Although it rather runs out of steam towards the end, Fredrick Lonsdale’s slight social comedy, a West End success in 1927, has its fair share of biting put-downs and wry observations as a wealthy widow takes steps to find out if her devoted admirer really is the man for her.
A gentleman without significant means, Richard has spent decades never managing to pluck up the courage to declare his feelings.
Having endured a disastrous marriage to a drunkard, Maria Wislake decides to take matters into her own hands – suggesting they spend a chaste month together at her country home in Scotland where she can make up her mind about his true character.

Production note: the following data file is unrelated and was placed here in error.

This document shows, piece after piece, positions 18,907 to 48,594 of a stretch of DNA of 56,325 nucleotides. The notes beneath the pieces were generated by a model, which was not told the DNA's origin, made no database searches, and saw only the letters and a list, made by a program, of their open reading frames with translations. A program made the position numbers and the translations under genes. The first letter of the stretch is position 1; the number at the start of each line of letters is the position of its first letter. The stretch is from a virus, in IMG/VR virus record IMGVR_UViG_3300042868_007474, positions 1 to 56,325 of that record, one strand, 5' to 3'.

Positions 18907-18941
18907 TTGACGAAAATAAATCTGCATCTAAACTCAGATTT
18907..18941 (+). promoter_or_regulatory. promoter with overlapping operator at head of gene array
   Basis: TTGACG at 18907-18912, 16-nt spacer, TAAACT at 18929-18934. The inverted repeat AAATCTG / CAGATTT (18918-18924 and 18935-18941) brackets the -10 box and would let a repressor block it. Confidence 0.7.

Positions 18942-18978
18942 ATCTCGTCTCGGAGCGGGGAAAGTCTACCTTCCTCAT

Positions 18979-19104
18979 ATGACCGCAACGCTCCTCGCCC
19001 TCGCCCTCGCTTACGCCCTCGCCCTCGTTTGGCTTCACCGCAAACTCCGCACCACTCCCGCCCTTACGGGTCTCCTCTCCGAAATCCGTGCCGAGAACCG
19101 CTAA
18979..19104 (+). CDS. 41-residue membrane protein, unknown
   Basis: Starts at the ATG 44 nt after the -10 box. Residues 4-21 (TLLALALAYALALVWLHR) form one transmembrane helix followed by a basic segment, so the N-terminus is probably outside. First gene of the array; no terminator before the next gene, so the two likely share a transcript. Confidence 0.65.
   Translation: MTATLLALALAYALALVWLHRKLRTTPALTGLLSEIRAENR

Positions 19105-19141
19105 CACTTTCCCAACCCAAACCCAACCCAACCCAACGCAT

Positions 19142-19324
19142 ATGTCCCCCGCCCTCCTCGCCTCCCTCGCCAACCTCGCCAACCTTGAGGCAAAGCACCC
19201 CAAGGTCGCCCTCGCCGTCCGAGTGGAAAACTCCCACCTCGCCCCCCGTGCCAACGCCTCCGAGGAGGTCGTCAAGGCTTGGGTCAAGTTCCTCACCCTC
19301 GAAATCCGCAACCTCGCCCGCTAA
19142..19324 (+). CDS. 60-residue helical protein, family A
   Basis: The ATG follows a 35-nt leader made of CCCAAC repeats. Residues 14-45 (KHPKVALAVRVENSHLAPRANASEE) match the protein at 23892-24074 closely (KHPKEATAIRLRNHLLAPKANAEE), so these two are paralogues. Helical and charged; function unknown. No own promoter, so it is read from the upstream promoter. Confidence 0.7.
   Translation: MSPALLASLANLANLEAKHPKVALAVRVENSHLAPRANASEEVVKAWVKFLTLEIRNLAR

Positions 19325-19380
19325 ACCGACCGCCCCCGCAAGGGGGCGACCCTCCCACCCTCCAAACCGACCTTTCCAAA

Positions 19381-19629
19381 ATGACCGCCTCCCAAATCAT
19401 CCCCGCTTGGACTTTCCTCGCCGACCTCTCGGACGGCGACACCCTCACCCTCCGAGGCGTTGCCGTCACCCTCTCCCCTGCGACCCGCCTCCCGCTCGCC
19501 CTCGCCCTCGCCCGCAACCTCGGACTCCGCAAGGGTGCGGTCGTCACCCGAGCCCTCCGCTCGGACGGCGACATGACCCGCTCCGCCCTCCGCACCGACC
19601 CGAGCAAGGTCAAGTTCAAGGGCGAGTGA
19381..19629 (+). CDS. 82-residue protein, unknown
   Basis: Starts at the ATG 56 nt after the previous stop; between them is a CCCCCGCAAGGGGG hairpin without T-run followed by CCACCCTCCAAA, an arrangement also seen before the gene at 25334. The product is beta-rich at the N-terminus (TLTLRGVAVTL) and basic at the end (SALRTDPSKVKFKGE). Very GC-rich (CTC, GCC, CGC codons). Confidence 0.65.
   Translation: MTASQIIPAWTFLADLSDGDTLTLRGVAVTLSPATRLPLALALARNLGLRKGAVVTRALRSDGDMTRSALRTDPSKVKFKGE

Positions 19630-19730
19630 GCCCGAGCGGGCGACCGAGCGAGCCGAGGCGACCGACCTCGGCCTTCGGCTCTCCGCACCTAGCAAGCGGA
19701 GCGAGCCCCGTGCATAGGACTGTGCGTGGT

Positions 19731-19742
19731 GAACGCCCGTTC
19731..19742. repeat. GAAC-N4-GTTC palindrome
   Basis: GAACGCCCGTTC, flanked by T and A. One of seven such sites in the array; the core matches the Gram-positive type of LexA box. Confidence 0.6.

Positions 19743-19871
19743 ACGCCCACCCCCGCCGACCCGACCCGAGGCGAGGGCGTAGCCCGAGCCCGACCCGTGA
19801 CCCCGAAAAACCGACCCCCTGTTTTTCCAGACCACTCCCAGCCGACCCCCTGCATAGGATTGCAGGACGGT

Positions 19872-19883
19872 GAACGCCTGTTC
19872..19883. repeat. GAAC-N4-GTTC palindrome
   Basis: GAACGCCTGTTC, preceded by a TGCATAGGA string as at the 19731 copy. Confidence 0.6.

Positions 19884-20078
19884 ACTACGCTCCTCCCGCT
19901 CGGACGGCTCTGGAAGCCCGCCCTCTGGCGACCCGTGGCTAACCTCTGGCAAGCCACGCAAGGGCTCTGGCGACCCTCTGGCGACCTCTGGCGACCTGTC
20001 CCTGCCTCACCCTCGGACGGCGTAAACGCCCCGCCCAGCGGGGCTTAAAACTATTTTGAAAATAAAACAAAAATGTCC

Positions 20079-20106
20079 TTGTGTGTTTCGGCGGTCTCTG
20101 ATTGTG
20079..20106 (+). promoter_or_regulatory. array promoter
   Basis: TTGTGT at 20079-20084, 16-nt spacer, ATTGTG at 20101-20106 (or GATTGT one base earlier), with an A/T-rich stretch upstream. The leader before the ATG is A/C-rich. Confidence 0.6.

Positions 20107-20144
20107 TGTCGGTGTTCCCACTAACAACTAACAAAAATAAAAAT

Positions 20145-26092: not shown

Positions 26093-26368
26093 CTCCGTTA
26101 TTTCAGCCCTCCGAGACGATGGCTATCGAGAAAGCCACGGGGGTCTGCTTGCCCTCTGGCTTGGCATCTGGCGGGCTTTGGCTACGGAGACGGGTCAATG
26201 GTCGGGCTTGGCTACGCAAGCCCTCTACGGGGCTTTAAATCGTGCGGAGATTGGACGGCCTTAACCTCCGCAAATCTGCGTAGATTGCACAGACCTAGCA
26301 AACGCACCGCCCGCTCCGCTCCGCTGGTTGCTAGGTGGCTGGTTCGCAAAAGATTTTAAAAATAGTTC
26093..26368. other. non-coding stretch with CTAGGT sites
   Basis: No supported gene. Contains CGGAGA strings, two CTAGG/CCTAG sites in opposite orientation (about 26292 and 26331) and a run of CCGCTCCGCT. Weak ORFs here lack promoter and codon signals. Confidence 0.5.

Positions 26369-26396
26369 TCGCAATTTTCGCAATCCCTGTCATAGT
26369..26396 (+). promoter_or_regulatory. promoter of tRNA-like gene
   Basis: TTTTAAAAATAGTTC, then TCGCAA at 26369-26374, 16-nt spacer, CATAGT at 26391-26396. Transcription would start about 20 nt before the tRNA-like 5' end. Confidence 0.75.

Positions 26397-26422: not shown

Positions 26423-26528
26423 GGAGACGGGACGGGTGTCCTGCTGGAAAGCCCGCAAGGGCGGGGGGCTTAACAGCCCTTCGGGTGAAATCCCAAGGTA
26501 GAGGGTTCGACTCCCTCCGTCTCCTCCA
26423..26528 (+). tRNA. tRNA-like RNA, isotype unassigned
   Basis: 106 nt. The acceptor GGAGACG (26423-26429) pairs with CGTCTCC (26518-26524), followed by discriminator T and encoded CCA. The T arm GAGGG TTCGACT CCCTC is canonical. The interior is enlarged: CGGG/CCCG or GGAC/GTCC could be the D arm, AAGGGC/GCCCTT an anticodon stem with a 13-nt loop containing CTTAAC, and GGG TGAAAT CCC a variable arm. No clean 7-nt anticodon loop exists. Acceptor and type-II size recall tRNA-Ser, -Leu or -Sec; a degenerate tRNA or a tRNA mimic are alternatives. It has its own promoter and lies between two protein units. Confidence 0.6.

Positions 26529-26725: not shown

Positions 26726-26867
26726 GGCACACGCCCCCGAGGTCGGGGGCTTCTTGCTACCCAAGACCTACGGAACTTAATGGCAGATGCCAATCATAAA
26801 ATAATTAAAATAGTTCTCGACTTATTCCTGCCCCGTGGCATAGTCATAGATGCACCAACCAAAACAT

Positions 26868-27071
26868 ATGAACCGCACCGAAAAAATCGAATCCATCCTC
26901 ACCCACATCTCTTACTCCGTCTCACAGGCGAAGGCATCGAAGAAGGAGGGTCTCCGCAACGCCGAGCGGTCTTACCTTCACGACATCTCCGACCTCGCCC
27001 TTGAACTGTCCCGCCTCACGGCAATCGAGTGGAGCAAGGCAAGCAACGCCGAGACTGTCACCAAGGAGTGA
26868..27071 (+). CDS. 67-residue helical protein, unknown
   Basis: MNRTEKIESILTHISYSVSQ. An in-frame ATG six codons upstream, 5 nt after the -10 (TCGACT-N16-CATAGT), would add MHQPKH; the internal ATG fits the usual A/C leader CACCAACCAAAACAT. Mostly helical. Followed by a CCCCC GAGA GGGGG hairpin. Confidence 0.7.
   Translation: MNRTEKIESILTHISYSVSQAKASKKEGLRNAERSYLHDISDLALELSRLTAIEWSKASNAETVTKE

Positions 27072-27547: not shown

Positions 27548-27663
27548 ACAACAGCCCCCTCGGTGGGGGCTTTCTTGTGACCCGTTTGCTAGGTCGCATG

They’re joined by her young heiress friend Helen (whose father made his fortune in pickles) who is besotted with the caddish (and now bankrupt) Duke of Bristol who has unrepentantly squandered all his money on affairs with married women.
It’s rather dated, a bit repetitive and can’t compete with the wit or psychological acuity of either Oscar Wilde or Noel Coward.
But it’s light-hearted fun nonetheless, as Sara Crowe’s demanding, irredeemably bossy Maria and Peter Sandys Clarke’s unforgivably selfish, self-absorbed Duke push Daniel Hill’s bumbling Richard and Louise Calf’s sweet-natured Helen into admitting just how obnoxious the objects of their misplaced affections really are.
Jermyn Street Theatre, SW1Y 6ST
Tube | Piccadilly Circus
Until 4th May, £20